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Volume 14, Issue 1 ~ January 5 - 11, 2006

Finding Drowned Bodies

Side-scan sonar aids in Maryland recoveries

When searching the Bay for lost bodies, Maryland Natural Resource Police scour the area by trailing a side-scan sonar unit, above, which reveals submerged items on a computer monitor aboard ship, right.

by Alex Murray

Think back on director Jonathan Demme’s The Silence of the Lambs. Envision the discovery of the dead body in the river of Clay County, West Virginia. Imagine that, instead of Hannibal Lector and cannibalism, the movie focused on the recovery of a body lost in the depths. Such a movie would look a lot like the scene that concluded June 19 on the Chesapeake Bay with the discovery of three bodies, including that of Philip Merrill.

On June 10, Merrill, chairman of Capital-Gazette Communications Inc., set sail on his 41-foot sailboat, Merrilly. The vessel turned up hours later in Plum Point with no one on board. Nine days later, a boater found Merrill’s body 11.5 miles northwest of the site of his vessel, one mile off the shoreline of Poplar Island.

The Maryland Natural Resources Police used side-scan sonar as the principal method for their planned search of 176 square miles — about half the size of Calvert County — of Chesapeake waters. On Saturday, June 17, when sonar searches ceased, 30 square miles had been searched.

Common police methods for such vast-area searches can also include bar drags, which scrape the bottom. Cadaver dogs and divers are used to help recover bodies in small areas.

At the height of the search for Merrill, three vessels equipped with side-scan sonar, four vessels scanning the surface and uncounted volunteer boaters scoured the waters. Four helicopters added their aerial perspective.

“The sonar is being used on the route he routinely traveled,” said Natural Resources Police Sergeant Ken Turner before the body turned up south of the search area and Merrill’s typical route, which encompassed waters from the Severn River to Kent Island.

In side-scan sonar searches, the towfish, a yellow sonar device that emits sound waves 90 feet to both the left and right, attaches to a vessel by a black cable ranging from 90 to 600 feet long. From its position behind the boat, the sonar detects objects in the waters and sends pictures to a computer monitor aboard. However, boats can only travel a maximum of 4.5 knots for best resolution, making progress slow.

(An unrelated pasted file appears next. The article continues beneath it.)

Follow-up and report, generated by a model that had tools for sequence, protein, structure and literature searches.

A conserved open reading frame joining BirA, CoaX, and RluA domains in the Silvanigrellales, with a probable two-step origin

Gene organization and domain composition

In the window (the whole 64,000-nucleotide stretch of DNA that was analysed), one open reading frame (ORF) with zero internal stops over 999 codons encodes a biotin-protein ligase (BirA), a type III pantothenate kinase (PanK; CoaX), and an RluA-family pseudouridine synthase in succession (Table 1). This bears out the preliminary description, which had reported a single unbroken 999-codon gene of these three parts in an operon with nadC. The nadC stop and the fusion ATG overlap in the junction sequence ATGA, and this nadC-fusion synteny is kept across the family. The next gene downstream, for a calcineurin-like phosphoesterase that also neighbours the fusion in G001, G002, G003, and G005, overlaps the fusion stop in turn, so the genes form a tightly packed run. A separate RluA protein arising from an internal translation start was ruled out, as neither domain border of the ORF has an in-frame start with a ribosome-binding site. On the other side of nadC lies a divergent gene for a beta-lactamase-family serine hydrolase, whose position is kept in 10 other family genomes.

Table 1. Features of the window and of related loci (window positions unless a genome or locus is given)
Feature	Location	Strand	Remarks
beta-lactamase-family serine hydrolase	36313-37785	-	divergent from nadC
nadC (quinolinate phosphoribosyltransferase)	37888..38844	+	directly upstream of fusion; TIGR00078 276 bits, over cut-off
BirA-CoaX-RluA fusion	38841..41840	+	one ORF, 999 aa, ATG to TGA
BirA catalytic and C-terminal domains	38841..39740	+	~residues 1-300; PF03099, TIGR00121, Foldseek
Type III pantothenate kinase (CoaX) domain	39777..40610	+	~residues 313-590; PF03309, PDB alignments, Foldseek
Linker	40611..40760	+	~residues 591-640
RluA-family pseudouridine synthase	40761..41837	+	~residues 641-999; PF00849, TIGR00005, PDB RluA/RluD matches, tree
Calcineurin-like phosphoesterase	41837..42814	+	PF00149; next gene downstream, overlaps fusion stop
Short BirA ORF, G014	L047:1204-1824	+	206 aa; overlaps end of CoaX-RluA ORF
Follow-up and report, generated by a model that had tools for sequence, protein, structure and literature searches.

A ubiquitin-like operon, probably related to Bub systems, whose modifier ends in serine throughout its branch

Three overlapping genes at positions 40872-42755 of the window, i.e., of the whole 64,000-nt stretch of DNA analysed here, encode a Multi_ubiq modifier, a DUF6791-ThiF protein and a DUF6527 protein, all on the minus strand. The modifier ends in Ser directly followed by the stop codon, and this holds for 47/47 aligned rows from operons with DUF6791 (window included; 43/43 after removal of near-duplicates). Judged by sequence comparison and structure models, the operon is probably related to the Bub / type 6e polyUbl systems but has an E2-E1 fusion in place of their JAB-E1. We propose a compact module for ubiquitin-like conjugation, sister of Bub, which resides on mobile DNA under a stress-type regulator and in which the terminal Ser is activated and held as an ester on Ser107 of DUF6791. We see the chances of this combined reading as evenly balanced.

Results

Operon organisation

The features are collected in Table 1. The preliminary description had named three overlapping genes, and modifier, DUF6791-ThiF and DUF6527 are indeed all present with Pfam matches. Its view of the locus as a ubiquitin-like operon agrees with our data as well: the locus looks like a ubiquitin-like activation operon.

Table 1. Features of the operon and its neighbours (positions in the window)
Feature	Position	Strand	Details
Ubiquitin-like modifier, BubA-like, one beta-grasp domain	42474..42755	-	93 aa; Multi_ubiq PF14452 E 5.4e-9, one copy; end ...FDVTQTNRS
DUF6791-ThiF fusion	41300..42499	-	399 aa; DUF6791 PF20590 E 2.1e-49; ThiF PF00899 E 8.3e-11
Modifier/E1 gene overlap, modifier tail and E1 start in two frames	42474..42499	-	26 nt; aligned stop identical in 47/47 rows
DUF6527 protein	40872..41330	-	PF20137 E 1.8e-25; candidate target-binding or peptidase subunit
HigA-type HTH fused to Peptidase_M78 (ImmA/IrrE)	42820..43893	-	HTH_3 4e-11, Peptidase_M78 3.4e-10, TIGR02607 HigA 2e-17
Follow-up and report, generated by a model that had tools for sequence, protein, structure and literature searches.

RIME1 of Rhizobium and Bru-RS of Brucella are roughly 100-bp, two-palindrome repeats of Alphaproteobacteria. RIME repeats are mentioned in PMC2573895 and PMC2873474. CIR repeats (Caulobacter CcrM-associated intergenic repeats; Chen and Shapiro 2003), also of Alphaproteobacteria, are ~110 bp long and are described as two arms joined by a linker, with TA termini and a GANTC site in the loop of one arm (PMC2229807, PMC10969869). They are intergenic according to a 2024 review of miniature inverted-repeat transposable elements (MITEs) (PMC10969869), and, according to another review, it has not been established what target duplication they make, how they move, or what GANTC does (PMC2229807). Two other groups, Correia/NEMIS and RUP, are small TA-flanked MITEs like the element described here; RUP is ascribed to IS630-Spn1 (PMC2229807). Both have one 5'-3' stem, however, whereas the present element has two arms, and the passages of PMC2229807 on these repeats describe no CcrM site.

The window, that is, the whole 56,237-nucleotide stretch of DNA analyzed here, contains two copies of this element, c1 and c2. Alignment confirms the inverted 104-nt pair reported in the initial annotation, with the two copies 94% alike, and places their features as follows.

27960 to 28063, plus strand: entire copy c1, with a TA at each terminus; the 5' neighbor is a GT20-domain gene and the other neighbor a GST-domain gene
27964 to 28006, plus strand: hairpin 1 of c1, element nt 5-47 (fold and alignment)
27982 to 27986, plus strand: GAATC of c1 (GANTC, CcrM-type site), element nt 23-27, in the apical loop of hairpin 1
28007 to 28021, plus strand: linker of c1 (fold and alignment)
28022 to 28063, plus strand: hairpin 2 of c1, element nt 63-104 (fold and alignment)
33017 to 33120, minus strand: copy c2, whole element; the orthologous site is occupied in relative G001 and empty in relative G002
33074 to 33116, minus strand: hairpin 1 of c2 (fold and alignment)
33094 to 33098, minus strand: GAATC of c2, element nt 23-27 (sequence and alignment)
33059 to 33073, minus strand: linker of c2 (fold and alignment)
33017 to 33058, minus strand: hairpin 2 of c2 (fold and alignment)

Shipboard images are viewed in real time as well as downloaded for future reference. Aided by GPS technology, police use floats to mark the surface above items of interest for divers to investigate.

Corporal Paul Carey briefly demonstrated the side-scan sonar at Sandy Point State Park before returning to search for Merrill’s body aboard the St. Leonard, a police motorboat equipped with the sonar. Natural Resources Police purchased this technology in July 2005 from Marine Sonic Technology Inc. in Virginia for $30,000.

“Fish schools, crab pots and oyster bars have shown up,” said Carey, naming a few Bay objects and creatures that typically appear onscreen. Police can also use side-scan sonar for sunken vessels and evidence in criminal cases.

“Side-scan sonar is only used when needed,” said Turner. When needed has included three searches this month and as many as three others this year.

During the search for Merrill, Natural Resources Police also used side-scan sonar to recover the bodies of John Walker and William Heislip. The men fell overboard from a bass boat in the Potomac River the night of June 16. On June 17, the sonar produced images resembling bodies. Divers went down and recovered the two lost men.

In March of this year, 15-year-old Ethan Embree’s canoe capsized in the Elk River. The search comprised an area much smaller than that of Merrill’s, but the murky waters hurt the resolution of the sonar-transmitted images. The teenager’s body surfaced three weeks later.

Futuristic as side-scan sonar sounds, it was first used over 40 years ago. The initial side-scan sonar experiments were done in 1963 by Dr. Harold Edgerton at the Massachusetts Institute of Technology to find the sunken Vineyard Lightship in Buzzards Bay, Massachusetts. In 1967, the sonar aided in the find of English King Henry VIII’s long-lost flagship. The original technology produced images on paper rather than a computer screen.

Since the 1960s, scientists have developed side-scan sonar into a more sophisticated technology. The present sonar is not foolproof, for it bounces off obstacles such as the pillars of the Bay Bridge, and it proceeds tediously. But when the location is narrowed, as was the case with the two boaters this past weekend, it works well.

In the Merrill recovery, technology did not turn up the results that nature uncovered. Even foolproof sonar would have been challenged to find Merrill, due to the vast range of water where his body could have been found.

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